As Barber keeps reminding the reader, there really isn’t very much information about the Prince’s character or even much detail about his life. There are lots of household accounts from which conclusions can be drawn, the odd letter or proclamation and one letter from the Prince to his elderly father asking the king to believe that his son has acted loyally and honourably in his father’s cause.

Whatever Edward of Woodstock’s character was, he was able to inspire loyalty and friendship in a close-knit group of men who were his counsellors and companions for most of his life. It is also known that he had great physical courage which he demonstrated many times in battle.

Edward was the eldest son of Edward III and Philippa of Hainault, born when the king was only seventeen in 1330. He married late (at thirty-one), to a woman whose past can only be described as colourful, since she knowingly entered into a bigamous marriage at the age of thirteen or fourteen. They had known one another from childhood and it was very probably a love match. His marriage should have served his father’s dynastic aims, but he married for love instead.

The Prince was known as the epitome of chivalry after the victory at Crécy (1346) where he led the vanguard. This reputation increased after the Battle of Poitiers ten years later, where the French nobility was crushed; the French standard was captured; and the French king was taken prisoner. There was a final victory for him at Nájera in Castile in 1367. It was during this campaign that he caught dysentery, which would eventually kill him.

He ruled the principality of Aquitaine as a sovereign state between 1362 and 1372. Despite the glory of his early years, the final years of his life were marked by bitter failure. From 1369 the French started encroaching on Aquitaine and towns and castles fell to them constantly, often without a fight. The Prince’s eldest son died in 1370 and the men who had been his closest friends and advisers began to die, including the man who had been closest to him for thirty years, who was killed in a skirmish with the French. By 1371 the Prince was too ill to be able to hold Aquitaine against the French and he returned to England, where he died a year before his father in 1376 at the age of forty-six. When Edward III died the Prince’s ten-year old son became Richard II and the seeds of the Wars of the Roses were sown when the Prince’s brother, John of Gaunt, became regent.

For all that there is very little information available, Barber is very good at setting it out and drawing conclusions. He is also fair. Where there are two or more explanations for something that the Prince did or might have done he summarises them all rather than choose one that is more favourable or less favourable to the Prince.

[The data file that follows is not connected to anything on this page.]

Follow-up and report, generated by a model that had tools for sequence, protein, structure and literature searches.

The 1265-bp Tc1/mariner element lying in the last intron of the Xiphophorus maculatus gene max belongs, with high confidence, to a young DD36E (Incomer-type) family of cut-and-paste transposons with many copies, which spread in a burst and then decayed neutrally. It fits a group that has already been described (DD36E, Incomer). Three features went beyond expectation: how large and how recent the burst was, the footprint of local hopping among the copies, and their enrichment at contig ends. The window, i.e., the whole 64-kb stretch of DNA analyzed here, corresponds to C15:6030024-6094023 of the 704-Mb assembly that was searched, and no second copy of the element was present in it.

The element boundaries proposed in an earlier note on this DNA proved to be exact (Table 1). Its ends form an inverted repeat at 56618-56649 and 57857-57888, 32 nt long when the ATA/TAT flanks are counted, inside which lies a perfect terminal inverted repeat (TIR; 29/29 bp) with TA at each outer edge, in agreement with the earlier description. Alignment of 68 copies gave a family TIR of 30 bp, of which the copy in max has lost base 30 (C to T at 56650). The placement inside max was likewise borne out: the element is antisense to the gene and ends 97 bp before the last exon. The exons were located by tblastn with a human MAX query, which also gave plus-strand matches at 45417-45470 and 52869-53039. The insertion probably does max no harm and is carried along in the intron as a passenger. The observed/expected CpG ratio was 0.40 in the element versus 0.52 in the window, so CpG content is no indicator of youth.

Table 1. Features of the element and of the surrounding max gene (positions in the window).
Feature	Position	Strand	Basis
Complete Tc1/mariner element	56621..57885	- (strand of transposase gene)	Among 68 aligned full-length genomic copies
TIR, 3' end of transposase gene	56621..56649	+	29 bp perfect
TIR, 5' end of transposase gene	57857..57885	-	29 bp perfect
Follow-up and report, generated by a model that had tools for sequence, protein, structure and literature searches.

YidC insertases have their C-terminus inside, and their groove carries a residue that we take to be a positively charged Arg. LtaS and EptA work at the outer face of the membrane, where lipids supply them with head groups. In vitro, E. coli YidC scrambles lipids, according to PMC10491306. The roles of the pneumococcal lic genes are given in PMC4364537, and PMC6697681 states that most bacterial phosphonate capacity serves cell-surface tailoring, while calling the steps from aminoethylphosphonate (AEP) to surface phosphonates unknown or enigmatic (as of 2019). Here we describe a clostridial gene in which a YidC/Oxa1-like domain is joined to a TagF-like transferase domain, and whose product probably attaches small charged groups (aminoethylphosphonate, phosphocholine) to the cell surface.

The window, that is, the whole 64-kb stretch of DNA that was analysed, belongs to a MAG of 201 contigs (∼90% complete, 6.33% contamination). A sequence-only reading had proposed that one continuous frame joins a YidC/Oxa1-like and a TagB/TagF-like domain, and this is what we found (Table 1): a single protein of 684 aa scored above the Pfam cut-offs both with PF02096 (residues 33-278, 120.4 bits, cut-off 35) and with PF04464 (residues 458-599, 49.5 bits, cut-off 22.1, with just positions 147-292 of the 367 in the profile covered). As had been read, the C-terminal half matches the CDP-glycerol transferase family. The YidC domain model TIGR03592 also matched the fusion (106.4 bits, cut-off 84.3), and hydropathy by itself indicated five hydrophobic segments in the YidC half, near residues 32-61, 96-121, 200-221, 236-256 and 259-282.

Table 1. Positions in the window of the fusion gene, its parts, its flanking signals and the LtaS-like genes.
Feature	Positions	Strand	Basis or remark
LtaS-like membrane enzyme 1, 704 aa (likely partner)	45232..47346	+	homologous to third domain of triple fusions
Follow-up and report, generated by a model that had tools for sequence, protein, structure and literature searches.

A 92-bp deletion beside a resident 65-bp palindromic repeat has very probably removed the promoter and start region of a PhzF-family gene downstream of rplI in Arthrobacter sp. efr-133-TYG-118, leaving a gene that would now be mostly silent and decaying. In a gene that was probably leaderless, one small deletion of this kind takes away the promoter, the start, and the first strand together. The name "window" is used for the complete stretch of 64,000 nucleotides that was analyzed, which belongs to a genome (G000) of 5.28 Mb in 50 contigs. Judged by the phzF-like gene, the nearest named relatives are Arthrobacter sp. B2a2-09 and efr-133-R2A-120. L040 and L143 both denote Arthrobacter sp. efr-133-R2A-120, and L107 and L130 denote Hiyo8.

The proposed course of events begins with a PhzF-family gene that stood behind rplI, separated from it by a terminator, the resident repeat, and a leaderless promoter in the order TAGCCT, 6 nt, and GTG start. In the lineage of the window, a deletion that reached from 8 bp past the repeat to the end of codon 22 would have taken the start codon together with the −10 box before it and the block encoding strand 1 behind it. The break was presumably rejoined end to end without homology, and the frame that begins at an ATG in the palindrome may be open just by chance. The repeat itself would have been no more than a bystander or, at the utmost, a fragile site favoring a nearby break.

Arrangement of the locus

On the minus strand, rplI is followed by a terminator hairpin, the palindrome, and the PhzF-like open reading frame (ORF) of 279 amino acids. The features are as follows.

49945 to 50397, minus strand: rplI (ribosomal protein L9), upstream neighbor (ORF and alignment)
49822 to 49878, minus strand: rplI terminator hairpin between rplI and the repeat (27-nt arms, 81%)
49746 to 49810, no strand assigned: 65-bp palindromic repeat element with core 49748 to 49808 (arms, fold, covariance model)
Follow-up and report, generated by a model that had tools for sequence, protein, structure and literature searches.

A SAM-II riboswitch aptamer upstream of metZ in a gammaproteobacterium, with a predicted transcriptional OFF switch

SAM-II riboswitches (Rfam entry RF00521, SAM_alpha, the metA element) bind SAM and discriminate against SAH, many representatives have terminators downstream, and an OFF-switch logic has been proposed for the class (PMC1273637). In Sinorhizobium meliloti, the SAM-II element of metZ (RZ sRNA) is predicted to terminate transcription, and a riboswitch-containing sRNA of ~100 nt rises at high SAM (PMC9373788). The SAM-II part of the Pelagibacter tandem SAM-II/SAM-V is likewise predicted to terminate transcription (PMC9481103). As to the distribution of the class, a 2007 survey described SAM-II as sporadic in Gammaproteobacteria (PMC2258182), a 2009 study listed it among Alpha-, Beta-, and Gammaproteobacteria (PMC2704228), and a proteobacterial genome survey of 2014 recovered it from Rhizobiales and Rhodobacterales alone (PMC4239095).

One of the successes of the book for me is the very good summary at the beginning of the causes of the Hundred Years’ War. These are quite complex, but some historians seem to focus on the trivial or the anecdotal. Barber uses a few pages to explain the almost perpetual war between England and France over Aquitaine and Edward III’s claim to the French throne, both of which came to head in 1337.

Barber has some interesting things to say about the Prince’s supposed extravagance when he was Prince of Aquitaine. Sovereign lords were supposed to distribute largesse as rewards and, for want of a better word, bribes, to their subjects; it was one of the ways in which they showed that they were rulers. He also puts the case that the Prince did not order or even contemplate the massacre of the inhabitants of Limoges after the end of the siege there in September 1370 and that the deaths were limited to those who had carried arms against the town’s true lord, the Prince.

One of the things that comes across is the Prince’s practical nature. He was not a diplomat, nor was he really a politician, but he did have the knack of getting men to follow him. Barber makes a strong case for the victories achieved by the Prince being due, in part, to the trust that existed between the Prince and the captains of his army and their willingness to make their needs subservient to his.

Even as a young man he was a legend. He had been sixteen at Crécy and his fame only grew through the rest of his life. He was held up as the example of chivalry. He seems to have been a fairly straightforward man, rather like his father, but unlike the kings with whom he had to deal in Aquitaine, which put him at a disadvantage. He learned the hard way not to trust Don Pedro of Castile and Charles of Navarre. Charles V of France was so cunning it was a wonder he could keep track of his own plans.

This is very much a book worth reading, not just to find out about the life of the second Prince of Wales, but also to understand some of the key events of the Hundred Years’ War.